Polymer-based graphene substitute is easy to mass-produce
By Darren Quick
July 4, 2014
For all the attention graphene gets thanks to its impressive list of properties, how many of us have actually encountered it in anything other than its raw graphite form? Show of hands. No-one? That's because it is still difficult to mass-produce without introducing defects. Now a team at the Korea Institute of Science and Technology (KIST) has developed a graphene substitute from plastic that offers the benefits of graphene for use in solar cells and semiconductor chips, but is easy to mass-produce.
The technique that currently shows the greatest potential for producing high quality graphene at large scales is chemical vapor deposition (CVD). This is a complicated eight-step process whereby gaseous reactants are deposited onto a metal film substrate that acts as a catalyst. Once the graphene is formed, it needs to be removed from the metal substrate and transferred to another board, such as a solar cell substrate, which runs the risk of wrinkling or cracking the graphene.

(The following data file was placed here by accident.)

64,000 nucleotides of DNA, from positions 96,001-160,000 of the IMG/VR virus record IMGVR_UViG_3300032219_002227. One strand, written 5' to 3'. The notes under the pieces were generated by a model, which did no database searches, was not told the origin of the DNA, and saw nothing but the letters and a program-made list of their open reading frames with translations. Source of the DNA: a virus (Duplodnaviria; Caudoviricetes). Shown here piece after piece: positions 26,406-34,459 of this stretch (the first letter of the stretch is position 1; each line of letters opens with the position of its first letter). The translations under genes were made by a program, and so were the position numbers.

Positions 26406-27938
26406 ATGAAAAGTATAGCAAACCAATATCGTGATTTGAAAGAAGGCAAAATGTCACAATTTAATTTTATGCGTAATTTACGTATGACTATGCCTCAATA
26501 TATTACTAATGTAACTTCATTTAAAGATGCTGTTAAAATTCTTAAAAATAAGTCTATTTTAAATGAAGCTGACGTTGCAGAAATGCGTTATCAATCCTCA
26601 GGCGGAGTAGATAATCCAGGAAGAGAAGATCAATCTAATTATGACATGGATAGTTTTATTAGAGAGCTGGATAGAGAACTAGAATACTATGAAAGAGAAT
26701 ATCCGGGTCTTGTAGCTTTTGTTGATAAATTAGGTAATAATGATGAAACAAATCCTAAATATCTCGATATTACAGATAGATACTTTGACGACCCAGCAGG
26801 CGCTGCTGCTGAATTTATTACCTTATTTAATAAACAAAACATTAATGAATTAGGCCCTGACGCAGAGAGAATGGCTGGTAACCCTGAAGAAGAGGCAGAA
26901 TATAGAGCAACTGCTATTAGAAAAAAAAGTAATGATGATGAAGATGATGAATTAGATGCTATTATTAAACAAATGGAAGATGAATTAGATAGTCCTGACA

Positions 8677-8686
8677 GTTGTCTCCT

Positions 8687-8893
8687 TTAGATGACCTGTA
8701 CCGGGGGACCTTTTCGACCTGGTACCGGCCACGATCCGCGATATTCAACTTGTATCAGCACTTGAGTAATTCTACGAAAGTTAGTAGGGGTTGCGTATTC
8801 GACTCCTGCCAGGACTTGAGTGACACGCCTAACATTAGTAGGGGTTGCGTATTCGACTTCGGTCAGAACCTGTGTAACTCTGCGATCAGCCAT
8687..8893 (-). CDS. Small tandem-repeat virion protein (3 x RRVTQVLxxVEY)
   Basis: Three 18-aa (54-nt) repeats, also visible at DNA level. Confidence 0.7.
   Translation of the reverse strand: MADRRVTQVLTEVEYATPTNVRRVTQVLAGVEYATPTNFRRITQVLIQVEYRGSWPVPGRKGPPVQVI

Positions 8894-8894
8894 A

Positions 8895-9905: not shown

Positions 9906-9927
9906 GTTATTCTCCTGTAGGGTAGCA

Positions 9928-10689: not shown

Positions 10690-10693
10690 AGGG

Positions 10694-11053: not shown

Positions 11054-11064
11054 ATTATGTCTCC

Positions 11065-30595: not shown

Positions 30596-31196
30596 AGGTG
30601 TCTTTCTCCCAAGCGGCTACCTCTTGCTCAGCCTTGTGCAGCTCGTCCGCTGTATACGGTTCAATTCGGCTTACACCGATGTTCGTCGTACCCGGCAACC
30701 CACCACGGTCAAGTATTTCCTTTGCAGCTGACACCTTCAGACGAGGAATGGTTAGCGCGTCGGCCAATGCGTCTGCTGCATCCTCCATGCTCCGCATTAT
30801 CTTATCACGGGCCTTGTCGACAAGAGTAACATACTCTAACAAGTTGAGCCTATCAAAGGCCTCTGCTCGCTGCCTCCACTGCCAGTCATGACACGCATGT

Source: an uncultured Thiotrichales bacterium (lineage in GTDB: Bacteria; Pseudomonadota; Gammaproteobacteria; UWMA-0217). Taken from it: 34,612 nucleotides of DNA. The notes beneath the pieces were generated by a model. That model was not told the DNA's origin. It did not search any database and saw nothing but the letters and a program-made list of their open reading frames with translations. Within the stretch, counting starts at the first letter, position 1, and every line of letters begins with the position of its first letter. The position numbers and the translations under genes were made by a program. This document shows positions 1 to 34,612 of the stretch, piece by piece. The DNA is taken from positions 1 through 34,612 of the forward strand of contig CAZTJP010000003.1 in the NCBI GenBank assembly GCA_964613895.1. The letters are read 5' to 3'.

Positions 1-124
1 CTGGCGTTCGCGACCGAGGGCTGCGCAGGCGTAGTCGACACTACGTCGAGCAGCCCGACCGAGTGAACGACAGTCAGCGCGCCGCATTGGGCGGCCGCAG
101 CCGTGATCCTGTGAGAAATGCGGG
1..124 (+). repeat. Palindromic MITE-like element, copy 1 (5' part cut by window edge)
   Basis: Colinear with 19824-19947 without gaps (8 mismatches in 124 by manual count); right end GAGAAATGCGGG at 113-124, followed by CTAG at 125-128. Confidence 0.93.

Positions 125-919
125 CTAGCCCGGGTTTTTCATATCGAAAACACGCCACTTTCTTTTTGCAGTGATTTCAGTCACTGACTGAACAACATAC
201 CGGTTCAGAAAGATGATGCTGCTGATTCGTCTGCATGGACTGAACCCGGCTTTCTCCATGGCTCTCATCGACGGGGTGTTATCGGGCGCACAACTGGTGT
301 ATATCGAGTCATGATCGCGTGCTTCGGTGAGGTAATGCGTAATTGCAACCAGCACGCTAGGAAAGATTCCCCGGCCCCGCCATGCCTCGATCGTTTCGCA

The KIST team claims the process used to produce its new synthesized carbon nanosheets is much simpler, involving a two-steps that are catalyst- and transfer-free. Based on the same continuous process used to mass-produce carbon fiber, the researchers say it also faces a much easier transition to full-scale commercialization. Furthermore, the team was able to show that the nanosheets can be used directly as transparent electrodes for organic solar cells without requiring any additional processing.
Put (very) simply, to produce carbon nanosheets with properties similar to graphene, the researchers spin-coated a polymer solution onto a quartz substrate and heat-treated it at 1,200° C (2,192° F). They claim that by eliminating the need for a metal substrate or for transferring the nanosheets to another board, they bypass the steps that are likely to lead to defects in the material.
"[The process] is expected to be applied for commercialization of transparent and conductive 2D carbon materials without difficulty since this process is based on the continuous and mass-produced process of carbon fiber," said Dr. Han Ik Joh who led the research team.
The team's work is detailed in a paper published in the journal Nanoscale.